Management of fungus balls as a result of Candida albicans
and Naoya Masumori
Department of Urology, and
Department of Infection
Control and Laboratory
Medicine, Sapporo Medical
University School of Medicine,
Sapporo, Hokkaido, Japan
One of the symptoms of fungal urinary tract infection is obstruction of the urinary tract, espe-
cially the ureter, as a result of fungus balls.
Here, we report a rare case with urinary retention
by urethral obstruction as a result of Candida albicans fungus balls.
A 69-year-old man had a fever >38°C, although there were no costovertebral tenderness and
pyuria. White blood cell count was 21 300/lL and C-reactive protein 25.41 mg/dL. Enterococ-
cus faecalis were isolated from his urine and blood. His illness was diagnosed as pyelonephritis,
and he was given intravenous tazobactam/piperacillin 4.5 g every 8 h for 7 days and intra-
venous meropenem 1 g every 12 h for 12 days. He had a past history of adult Still’s disease
treated with chronic oral prednisolone 10 mg daily since the age of 51 years. In addition, he
was diagnosed with type 2 diabetes mellitus at the age of 60 years, but did not have oral
sodium-glucose cotransporter 2 inhibitor. His glycated hemoglobin (National Glycohemoglobin
Standardization Program) was 10.6%. With the pyelonephritis, he felt difﬁculty in voiding.
Uroﬂowmetry (voided volume was 196 mL) showed a low maximum urinary ﬂow rate,
4.0 mL/s, and high post-void volume of 73 mL. His prostate volume determined by transrectal
ultrasounds was 41.0 cm
. We diagnosed benign prostatic hyperplasia and administered nafto-
pidil. After discharge of pyelonephritis, the patient continued to have pyuria, but felt only a little
difﬁculty in voiding. Thus, we did not suspect urinary tract infection.
Two months after the treatment, the patient had urinary retention. Although abdominal
ultrasound showed no hydronephrosis, spherical masses were found in his bladder (Fig. 1a).
Additionally, cystoscopy showed that spherical soft white masses ﬁlled the bladder (Fig. 1b).
A transurethral Foley catheter was then inserted. Urine microscopy ﬁndings revealed pyuria.
We frequently irrigated the bladder with saline and changed the catheter daily for 3 days due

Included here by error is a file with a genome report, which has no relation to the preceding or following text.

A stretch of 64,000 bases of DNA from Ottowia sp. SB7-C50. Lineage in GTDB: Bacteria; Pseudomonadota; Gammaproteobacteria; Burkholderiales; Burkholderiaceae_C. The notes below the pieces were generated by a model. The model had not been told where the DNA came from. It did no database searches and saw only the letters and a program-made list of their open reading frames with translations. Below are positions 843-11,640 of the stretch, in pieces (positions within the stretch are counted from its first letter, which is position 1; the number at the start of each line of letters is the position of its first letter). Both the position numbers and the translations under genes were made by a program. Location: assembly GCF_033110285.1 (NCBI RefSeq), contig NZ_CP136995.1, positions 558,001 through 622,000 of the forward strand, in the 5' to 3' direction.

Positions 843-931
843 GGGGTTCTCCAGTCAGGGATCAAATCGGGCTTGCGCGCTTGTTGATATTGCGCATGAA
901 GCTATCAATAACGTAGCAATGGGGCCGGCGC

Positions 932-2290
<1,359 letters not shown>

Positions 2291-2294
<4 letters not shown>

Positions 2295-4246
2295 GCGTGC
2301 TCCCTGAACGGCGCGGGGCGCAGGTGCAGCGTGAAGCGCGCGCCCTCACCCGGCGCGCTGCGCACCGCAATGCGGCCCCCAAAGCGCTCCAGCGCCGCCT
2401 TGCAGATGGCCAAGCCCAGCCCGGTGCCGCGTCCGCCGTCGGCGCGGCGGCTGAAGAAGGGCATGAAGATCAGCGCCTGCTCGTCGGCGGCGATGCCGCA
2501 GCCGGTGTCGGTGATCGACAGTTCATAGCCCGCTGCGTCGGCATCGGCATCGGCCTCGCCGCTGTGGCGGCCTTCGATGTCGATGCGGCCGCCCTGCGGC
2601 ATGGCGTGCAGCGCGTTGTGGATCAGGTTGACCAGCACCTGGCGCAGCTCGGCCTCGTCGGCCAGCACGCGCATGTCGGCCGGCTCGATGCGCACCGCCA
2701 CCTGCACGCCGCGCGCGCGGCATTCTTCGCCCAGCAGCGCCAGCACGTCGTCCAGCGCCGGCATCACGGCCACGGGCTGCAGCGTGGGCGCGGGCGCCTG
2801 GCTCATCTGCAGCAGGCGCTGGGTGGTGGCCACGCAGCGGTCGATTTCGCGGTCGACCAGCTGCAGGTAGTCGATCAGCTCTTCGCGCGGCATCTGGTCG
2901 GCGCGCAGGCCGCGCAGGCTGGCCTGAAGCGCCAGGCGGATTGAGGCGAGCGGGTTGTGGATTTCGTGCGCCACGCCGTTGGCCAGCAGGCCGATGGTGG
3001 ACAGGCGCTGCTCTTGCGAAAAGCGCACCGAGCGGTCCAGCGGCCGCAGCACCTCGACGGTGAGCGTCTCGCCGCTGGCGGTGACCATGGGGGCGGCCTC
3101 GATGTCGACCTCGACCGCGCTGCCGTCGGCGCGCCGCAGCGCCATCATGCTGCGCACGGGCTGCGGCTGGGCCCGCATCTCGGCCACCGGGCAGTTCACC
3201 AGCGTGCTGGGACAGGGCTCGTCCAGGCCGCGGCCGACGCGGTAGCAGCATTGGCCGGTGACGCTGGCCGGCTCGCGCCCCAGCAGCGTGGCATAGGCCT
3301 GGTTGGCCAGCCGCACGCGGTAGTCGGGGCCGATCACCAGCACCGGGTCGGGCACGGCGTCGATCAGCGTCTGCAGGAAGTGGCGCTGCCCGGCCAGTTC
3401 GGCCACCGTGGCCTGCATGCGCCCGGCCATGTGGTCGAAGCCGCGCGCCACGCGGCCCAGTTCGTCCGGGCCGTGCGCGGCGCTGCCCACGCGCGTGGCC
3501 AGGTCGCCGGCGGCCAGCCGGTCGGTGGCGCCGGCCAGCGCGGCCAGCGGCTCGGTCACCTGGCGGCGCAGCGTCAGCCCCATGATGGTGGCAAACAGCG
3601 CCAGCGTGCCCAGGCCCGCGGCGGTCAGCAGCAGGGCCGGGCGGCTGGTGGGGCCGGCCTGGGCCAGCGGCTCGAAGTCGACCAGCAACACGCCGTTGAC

to catheter blockage. When his catheter was removed at the last blockage, he could void. A
repeat cystoscopy carried out after catheter removal revealed a bladder with mild inﬂamma-
tory mucosa, but no spherical white mass. Only C. albicans was isolated from the culture of
his urine and spherical white masses collected by a ﬁrst transurethral Foley catheter. Thus, we
diagnosed urinary retention as a result of C. albicans fungus balls. There was not any clinical
evidence of disseminated Candida disease. His blood test showed that b-D-glucan was
<6.0 pg/mL. He was then given oral ﬂuconazole 300 mg per day for 7 days. His residual
urine volume gradually improved. It was 176 mL at the discharge and zero at 1 month after
the treatment. There has been no relapse of fungal urinary tract infection for 2 years.
A patient with acute renal failure as a result of bilateral ureteral obstruction by fungus balls
and another with emphysematous cystitis have been reported.
Therefore, we should deter-
mine whether the funguria is due to colonization, contamination or infection. Diabetes melli-
tus, indwelling catheter use, recent antimicrobial use, immunosuppression, neurogenic bladder
and urolithiasis have been reported to be strong risk factors for funguria.
In the present case,
he had chronic systemic steroid therapy, recent use of antibacterial agents and benign pro-
According to the review article by Fisher et al., the algorithm shows that the treatment for
fungus balls is oral administration of ﬂuconazole 400 mg daily for 4 weeks, ﬂucytosine four
times a day for 2–4 weeks or intravenous injection of amphotericin B (the duration has not
Additionally, the patient should have the indwelling urethral catheter
removed as soon as possible, because this results in clearance of the funguria.
dures, such as irrigation or transurethral resection of fungal balls, might need to be carried out
to relieve the obstruction.
In the present case, because urinary tract infection caused by fungi
was not diagnosed at the ﬁrst cystoscopy, transurethral resection was not carried out. The
attending physician decided the dose and duration of administration of the antifungal agent
according to the patient’s symptoms. Although the duration of administration was shorter and
the dose was smaller than the method described in the algorithm previously mentioned, there
was no recurrence.
Irrigation of the bladder might thus be effective for this condition.
Urinary tract infection caused by Candida is rare. Yeast was isolated from the urine of
approximately 5% of patients with complicated urinary tract infections.
A patient with ure-
thral obstruction followed by clot retention as a result of fungal balls was reported in the
Because he continued to feel difﬁculty in voiding after discharge of pyelonephritis, he
© 2018 The Japanese Urological Association